Domestic production: When shopping, I prefer to buy items from as close to my locality as possible. From toothpaste to clothing to sugar-free jams, I love the plentiful opportunities to support the local economy and region.

Village Pride: Almost everyone I’ve met in Ankara mentions a “back home” where grandparents live, where parents grew up, and where they visit elders for Eid holidays. Even in the supermarkets, there’s an emphasis on foods sourced from a köy, or village, and I’ve grown to equate them with traditional, homemade goodness.

Fethiye

WHAT WE WON’T MISS:

The politics: We’re totally over the politics, the tension, and the drama. It was frustrating at times to be misunderstood when our everyday choices about diet, faith practice, and dress were seen as political statements or stances. We are on the side of piety, integrity, and humanity, wherever it is represented.

Learning Turkish: Learning the language hasn’t been easy but was essential for our day-to-day survival in Ankara. Yes, there are many words from Arabic, even French and English, but Turkish grammar was burying us alive. We absolutely loved our Turkish teacher, but we’re glad to not go any deeper down that rabbit hole for now.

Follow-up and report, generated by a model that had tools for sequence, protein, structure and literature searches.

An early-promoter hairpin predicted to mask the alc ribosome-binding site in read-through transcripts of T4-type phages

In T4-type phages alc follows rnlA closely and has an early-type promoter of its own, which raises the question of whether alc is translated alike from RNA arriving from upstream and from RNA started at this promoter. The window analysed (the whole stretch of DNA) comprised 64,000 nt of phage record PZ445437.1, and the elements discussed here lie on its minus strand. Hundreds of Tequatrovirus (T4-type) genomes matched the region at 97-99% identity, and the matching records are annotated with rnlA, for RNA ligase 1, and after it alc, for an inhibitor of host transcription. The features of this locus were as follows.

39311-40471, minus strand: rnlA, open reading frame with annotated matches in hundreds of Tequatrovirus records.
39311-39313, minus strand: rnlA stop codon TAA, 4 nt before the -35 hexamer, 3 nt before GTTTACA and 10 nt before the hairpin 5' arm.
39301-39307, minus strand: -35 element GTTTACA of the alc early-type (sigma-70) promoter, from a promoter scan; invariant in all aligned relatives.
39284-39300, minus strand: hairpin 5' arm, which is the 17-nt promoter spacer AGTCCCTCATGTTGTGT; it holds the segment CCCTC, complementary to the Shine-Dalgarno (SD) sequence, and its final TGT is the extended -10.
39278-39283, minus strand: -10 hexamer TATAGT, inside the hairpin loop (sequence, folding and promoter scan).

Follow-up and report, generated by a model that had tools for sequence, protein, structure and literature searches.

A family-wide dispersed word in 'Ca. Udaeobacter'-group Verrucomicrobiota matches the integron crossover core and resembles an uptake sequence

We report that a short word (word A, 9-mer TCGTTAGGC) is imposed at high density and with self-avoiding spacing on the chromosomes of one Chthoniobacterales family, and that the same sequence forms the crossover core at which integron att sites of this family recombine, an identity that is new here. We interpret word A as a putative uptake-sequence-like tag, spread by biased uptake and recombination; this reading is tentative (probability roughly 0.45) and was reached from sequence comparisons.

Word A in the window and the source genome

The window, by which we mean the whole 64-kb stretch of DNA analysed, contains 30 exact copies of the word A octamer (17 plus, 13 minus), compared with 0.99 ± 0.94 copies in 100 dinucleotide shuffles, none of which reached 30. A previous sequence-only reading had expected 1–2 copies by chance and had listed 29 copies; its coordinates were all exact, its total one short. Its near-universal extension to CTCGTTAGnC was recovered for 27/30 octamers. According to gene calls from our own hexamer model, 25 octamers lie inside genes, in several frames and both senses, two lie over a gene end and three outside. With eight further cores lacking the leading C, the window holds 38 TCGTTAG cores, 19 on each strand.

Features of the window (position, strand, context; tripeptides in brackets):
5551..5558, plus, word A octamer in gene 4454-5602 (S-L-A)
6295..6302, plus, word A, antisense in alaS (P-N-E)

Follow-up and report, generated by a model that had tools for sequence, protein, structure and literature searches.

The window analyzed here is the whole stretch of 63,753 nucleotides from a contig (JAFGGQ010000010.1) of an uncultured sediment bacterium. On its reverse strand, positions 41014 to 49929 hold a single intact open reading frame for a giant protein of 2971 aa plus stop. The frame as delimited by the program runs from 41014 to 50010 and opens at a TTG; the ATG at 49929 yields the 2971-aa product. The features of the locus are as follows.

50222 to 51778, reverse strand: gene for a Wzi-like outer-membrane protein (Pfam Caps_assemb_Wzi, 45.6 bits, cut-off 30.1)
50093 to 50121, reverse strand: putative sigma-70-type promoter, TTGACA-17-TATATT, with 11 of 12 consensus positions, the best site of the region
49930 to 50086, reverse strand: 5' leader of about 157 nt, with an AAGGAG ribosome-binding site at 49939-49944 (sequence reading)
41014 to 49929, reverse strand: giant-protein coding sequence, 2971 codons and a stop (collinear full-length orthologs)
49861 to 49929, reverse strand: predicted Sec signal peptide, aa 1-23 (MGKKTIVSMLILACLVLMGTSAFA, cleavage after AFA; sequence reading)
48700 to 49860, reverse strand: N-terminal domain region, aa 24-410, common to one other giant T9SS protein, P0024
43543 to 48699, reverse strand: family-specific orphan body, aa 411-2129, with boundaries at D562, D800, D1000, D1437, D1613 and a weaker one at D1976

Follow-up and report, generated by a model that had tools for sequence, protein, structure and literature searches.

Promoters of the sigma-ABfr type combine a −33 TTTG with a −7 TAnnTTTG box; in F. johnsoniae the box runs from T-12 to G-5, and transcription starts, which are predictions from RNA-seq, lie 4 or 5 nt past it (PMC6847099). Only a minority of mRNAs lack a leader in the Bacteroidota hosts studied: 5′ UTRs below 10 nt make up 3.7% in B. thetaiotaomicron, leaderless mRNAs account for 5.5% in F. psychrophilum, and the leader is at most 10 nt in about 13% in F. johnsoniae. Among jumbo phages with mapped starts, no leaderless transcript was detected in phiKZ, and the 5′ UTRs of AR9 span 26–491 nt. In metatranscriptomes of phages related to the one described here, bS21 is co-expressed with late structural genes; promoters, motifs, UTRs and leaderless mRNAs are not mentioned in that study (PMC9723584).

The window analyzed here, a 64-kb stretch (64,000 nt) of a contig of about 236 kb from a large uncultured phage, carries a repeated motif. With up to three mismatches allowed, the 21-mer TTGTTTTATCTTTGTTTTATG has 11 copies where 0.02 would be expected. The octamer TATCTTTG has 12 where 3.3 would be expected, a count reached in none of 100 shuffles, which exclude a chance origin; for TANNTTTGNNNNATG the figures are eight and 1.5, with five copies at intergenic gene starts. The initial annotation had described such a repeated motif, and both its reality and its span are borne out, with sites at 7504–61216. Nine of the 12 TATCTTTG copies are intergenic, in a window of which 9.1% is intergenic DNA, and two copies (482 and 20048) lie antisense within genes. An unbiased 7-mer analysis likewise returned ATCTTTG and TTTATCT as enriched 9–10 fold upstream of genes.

The social culture: Being a fairly liberal capital, smoking and drinking are quite common in Ankara. We especially hated seeing people smoke so liberally around children or drunk in public. Similarly, the very secularized expression of Islam that we regularly encountered here lacked the soul of the faith that captured our hearts over a decade ago. The religious community here seemingly functions here as a minority, though being in a Muslim-majority country. Again, Twilight Zone experiences were common for us.

Time to go

Reflecting on Our First Ramadan in Ankara

Made at our pre-Ramadan party with friends.

This Ramadan has been challenging and it has nothing to do with hunger, thirst, or heat. There is something intangible missing—namely that collective common spirit that I’m accustomed to feeling in either the wider consciousness of a Muslim country or the intentional consciousness of a dedicated minority. Still trying to figure out how to comprehend life in secular Muslim Turkey, being here feels like its own dimension. I see signs of Ramadan—donation requests, iftar buffets, Ramazan pide breads for sale—but I can’t feel it. Seemingly more the exception than the default, fasting feels like a secret only shared with an unknown few. Obviously, fasting is a very personal act of devotion that need not be publicized, but when you’re invited for lunch or offered food and drink in the middle of the day, it starts to feel a bit like the Twilight Zone.

A first attempt and a new addition to our Ramadan home decorations.